A new report from a special Pandemic Response Accountability Committee delves into the issues surrounding UI during COVID-19.
Almost two years out from the onset of the COVID-19 pandemic and its accompanying economic strife, a new oversight report surveys the state of unemployment compensation across the country, where there are over 50 distinct systems delivering the almost $716 billion in unemployment compensation the federal government has made available to states.
Two big issues: tech and fraud.
The new report comes from the Pandemic Response Accountability Committee, made up of inspectors general to oversee pandemic response.
In March 2020, states had to deal with a surge in claims. In Louisiana, for example, there was a 2,000 percent increase in claims on April 25, 2020, compared to just weeks before on Feb. 29, 2020.
And although the unemployment rate peaked around 15% in April 2020 – the highest rate since data collection started in the 1940s.
On the tech front, over half of states were using outdated computer systems for unemployment insurance (UI) as of Feb. 2021, according to the report.
Already, the Department of Labor’s Inspector General has reported that states with modernized systems were able to stand up new programs mandated by Congress, like programs meant to cover self-employed workers and give supplemental assistance on top of payments.
In Oklahoma, the outdated claims system wasn’t able to use automated checks to detect and prevent fraudulent claims.
In Oregon, systems dated back to the 1990s functioned “adequately,” but were difficult to maintain and inflexible. The pandemic hit in the middle of the state’s modernization process.
And in Kansas, some eligible claimants were denied benefits and the state struggled with delays for claims processing as the state worked to serve a surge of claims with a system designed around a 1970s-era mainframe computer.
On the federal level, the Department of Labor is itself working through its new office expressly dedicated to UI modernization to modernize outdated systems and combat fraud.
The report also gives insight into fraud issues.The DOL IG has already reported that in the span of eight months in 2020, over $5.4 billion was paid out in fraudulent claims.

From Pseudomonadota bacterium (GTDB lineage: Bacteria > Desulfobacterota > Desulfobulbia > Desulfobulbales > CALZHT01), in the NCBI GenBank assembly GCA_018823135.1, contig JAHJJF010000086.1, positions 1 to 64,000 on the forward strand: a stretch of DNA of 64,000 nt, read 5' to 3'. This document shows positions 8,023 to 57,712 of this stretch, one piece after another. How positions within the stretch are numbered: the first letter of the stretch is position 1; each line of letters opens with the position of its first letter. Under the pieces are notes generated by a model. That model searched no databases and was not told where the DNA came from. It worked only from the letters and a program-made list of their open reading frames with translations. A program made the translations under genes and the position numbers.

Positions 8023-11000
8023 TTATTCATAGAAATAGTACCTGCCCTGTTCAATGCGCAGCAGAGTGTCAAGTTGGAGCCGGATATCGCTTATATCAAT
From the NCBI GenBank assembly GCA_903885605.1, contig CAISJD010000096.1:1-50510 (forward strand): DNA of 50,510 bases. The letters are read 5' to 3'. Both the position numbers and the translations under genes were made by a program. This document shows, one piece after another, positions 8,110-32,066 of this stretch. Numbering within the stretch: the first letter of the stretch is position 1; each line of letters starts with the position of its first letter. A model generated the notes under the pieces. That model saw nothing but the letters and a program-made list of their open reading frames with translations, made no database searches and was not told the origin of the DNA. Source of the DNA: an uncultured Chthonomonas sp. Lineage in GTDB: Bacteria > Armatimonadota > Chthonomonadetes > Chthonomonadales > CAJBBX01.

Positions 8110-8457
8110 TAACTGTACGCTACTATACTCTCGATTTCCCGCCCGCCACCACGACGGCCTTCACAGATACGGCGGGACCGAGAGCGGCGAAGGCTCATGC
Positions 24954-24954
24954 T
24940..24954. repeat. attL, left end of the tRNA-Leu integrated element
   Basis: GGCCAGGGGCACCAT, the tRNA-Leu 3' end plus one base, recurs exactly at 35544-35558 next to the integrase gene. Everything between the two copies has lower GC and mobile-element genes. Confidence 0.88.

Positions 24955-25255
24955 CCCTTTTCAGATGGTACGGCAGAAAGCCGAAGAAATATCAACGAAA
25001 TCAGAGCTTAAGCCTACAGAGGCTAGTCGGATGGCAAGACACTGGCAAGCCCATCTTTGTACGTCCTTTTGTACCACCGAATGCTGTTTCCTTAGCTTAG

The report states that internal controls were “often reduced” to handle the onslaught of claims or were just “not effective enough to detect the high levels of fraud occurring” in the first place.
California, for example, removed a fraud prevention tool that put stop payment alerts on claims with identity concerns. The thinking was that other fraud control measures were strong enough alone, but the state ultimately paid over $1 billion to suspicious claimants.
Another problem was the legislation from Congress setting up the program for self-employed workers. It required only self-verification of eligibility to get the benefits, although that’s since been updated by Congress to require claimants to give documentation.
In terms of identity fraud, Arizona paid out $1.6 in federal benefits to individuals using stolen identities in FY 2020 because the state eased ID verification and anti-fraud measures, despite DOL guidance directing states to do otherwise.
States also had to deal with multi-state schemes, where people file in more than one state. Three and a half billion dollars went out to claims made with over 225,000 social security numbers that were used to file in multiple states, according to the DOL OIG.
There is a national “Integrity Data Hub” designed for states to crossmatch their claims data across states, but as of December 2020, only 32 of the 54 systems at least partially used it. That limits states ability to look across states for these sorts of issues, the report states.
The hub now has 52 participating states and territories as of Oct. 2021, according to the National Association of State Workforce Agencies.
DOL is working on the fraud front. A UI modernization plan issued this year flagged identity verification as an area of work with states via a blanket purchase agreement for cross-matching tech to verify applicant identities. There’s also “fraud grants” the agency is giving out to cover identity verification tool costs, the establishment and expansion of data analytics and the implementation of cybersecurity defense strategies.
Other fraud trends states faced in the last two years included “insider threats” of state employees themselves using their access and position to get benefits they’re ineligible for and fraud involving the use of the personal information of incarcerated individuals to get benefits.
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